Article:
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An inebriated passenger struggles to breathE in flight, What would you do?

A real estate developer had a very good year. To celebrate, he decided to take his team to Las Vegas for a weekend.

Mid-way through the flight, one of the team members said she was feeling nauseous and that she was having trouble breathing.  

Her coworkers didn’t know what was happening. They thought maybe she had too much to drink – or perhaps was having a panic attack.

Her breathing became more labored, and she started wheezing. At this point, the crew called the doctors at MedAire’s MedLink.

The doctor asked the flight attendant to describe the symptoms and obtain medical history. In addition, they advised the flight attendant to retrieve the onboard medical kit and use the diagnostic tools to obtain her blood pressure and heart rate.

The flight attendant told the doctor that the patient has no known medical conditions, other than a possible mild reaction to crab meat in the past. Her blood pressure was 90/50 mm/Hg and a heart rate of 110 bpm. Her breathing is now extremely labored.

Based on this information, the MedLink doctor recommended the flight attendant immediately retrieve the epinephrine auto-injector in their medical kit and administer the drug in the passenger’s thigh.

Within a few minutes the passenger’s breathing returned to normal. The passenger had never experienced a health episode of that magnitude. She didn’t know why it had happened. She said all she had was two drinks and a few canapés, including some crab.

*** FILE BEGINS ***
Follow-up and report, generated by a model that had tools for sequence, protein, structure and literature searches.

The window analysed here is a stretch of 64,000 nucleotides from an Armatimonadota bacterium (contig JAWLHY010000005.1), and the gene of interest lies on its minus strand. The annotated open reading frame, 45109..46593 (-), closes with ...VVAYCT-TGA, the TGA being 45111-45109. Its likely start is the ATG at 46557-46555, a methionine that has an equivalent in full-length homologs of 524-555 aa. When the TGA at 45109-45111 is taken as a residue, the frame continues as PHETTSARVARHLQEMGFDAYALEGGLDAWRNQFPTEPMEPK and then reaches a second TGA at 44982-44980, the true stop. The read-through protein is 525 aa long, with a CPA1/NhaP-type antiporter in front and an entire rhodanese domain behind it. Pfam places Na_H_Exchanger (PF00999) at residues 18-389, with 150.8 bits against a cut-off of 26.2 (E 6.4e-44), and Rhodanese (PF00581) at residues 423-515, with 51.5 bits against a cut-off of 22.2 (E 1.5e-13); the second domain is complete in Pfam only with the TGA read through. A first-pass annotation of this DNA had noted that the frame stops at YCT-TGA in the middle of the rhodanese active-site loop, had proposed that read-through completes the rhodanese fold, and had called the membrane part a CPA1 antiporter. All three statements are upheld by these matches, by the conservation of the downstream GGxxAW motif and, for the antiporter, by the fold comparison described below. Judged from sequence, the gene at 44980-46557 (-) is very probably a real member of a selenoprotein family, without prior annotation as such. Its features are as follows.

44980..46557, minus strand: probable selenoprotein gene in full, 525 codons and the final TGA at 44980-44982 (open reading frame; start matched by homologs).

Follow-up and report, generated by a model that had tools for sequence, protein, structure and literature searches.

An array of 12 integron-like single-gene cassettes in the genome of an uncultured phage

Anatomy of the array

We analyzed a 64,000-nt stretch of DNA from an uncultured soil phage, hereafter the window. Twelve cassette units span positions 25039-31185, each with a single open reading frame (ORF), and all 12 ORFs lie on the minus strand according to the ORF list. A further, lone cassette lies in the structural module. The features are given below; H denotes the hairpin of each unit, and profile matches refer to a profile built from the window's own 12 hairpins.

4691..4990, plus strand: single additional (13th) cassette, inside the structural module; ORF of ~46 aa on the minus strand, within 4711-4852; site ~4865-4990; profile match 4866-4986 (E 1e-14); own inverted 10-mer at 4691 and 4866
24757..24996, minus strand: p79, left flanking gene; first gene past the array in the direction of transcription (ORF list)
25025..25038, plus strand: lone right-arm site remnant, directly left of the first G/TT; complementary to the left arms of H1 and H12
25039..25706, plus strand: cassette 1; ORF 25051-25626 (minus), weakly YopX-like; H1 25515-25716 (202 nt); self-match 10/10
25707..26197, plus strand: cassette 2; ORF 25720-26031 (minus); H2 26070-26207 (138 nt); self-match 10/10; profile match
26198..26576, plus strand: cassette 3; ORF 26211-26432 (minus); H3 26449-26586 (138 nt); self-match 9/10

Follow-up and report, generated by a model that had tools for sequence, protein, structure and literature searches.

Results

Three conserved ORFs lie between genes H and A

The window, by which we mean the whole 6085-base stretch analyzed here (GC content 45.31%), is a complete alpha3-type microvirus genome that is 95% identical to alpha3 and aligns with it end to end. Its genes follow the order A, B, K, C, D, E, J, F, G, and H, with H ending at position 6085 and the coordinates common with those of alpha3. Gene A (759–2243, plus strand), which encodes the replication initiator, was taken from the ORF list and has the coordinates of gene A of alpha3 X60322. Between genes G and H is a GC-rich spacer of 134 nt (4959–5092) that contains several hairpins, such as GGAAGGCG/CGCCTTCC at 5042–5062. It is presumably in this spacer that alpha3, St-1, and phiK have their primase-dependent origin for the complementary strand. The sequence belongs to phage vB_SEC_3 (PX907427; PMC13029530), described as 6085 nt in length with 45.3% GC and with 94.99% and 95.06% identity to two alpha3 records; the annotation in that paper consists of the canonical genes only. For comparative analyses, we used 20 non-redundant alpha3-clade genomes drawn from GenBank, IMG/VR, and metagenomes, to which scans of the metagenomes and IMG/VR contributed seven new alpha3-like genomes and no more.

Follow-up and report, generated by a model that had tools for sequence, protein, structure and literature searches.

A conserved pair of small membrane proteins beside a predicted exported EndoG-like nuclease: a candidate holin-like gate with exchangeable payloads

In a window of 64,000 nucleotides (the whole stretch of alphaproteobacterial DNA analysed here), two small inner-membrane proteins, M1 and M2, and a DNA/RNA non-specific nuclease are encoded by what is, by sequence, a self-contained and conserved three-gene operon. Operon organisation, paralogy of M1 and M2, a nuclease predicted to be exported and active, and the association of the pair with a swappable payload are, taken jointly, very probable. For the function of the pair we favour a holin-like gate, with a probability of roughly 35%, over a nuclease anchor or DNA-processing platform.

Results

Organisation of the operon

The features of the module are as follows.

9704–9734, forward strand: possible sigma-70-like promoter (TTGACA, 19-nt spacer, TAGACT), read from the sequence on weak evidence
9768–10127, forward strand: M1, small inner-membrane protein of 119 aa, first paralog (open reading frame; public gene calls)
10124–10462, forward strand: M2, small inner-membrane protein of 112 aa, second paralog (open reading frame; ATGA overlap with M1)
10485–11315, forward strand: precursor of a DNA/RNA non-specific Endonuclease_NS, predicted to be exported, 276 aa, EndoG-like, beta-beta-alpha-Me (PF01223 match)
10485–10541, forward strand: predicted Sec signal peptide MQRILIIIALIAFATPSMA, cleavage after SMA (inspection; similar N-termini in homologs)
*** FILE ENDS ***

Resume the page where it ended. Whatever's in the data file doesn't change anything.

The MedLink doctor informed the flight attendant that it is possible to be allergic to some types of shellfish without reacting to other types, and that she likely had experienced a severe allergic reaction to the crab meat.

That bite of crab sent an otherwise healthy individual into anaphylactic shock at 40,000 feet. It was the fast work of the flight crew using their medical resources available that saved her life.

This is just one example of why it’s so important to be prepared for anything that occurs in flight. A trained crew, a well-equipped on board medical kit, and trusted medical advice is an absolute best practice for those who operate aircraft.

Minutes Matter

  • 15:00 Pre-flight drinks at the office
  • 16:30 Wheels up
  • 18:00 Team member begins gasping for breath
  • 18:10 Coworkers try to calm her down and ascertain if she’s having a panic attack
  • 18:15 Breathing becomes audibly more difficult
  • 18:17 Crew contact MedAire’s MedLink
  • 18:18 MedLink doctor requests medical history, vital signs, and retrieval of onboard medical kit
  • 18:24 MedLink advises flight attendant to immediately get the epinephrine auto-injector and administer the drug in the passenger’s thigh
  • 18:30 Passengers breathing returns to normal
  • 19:45 Aircraft lands in Las Vegas


Business and General Aviation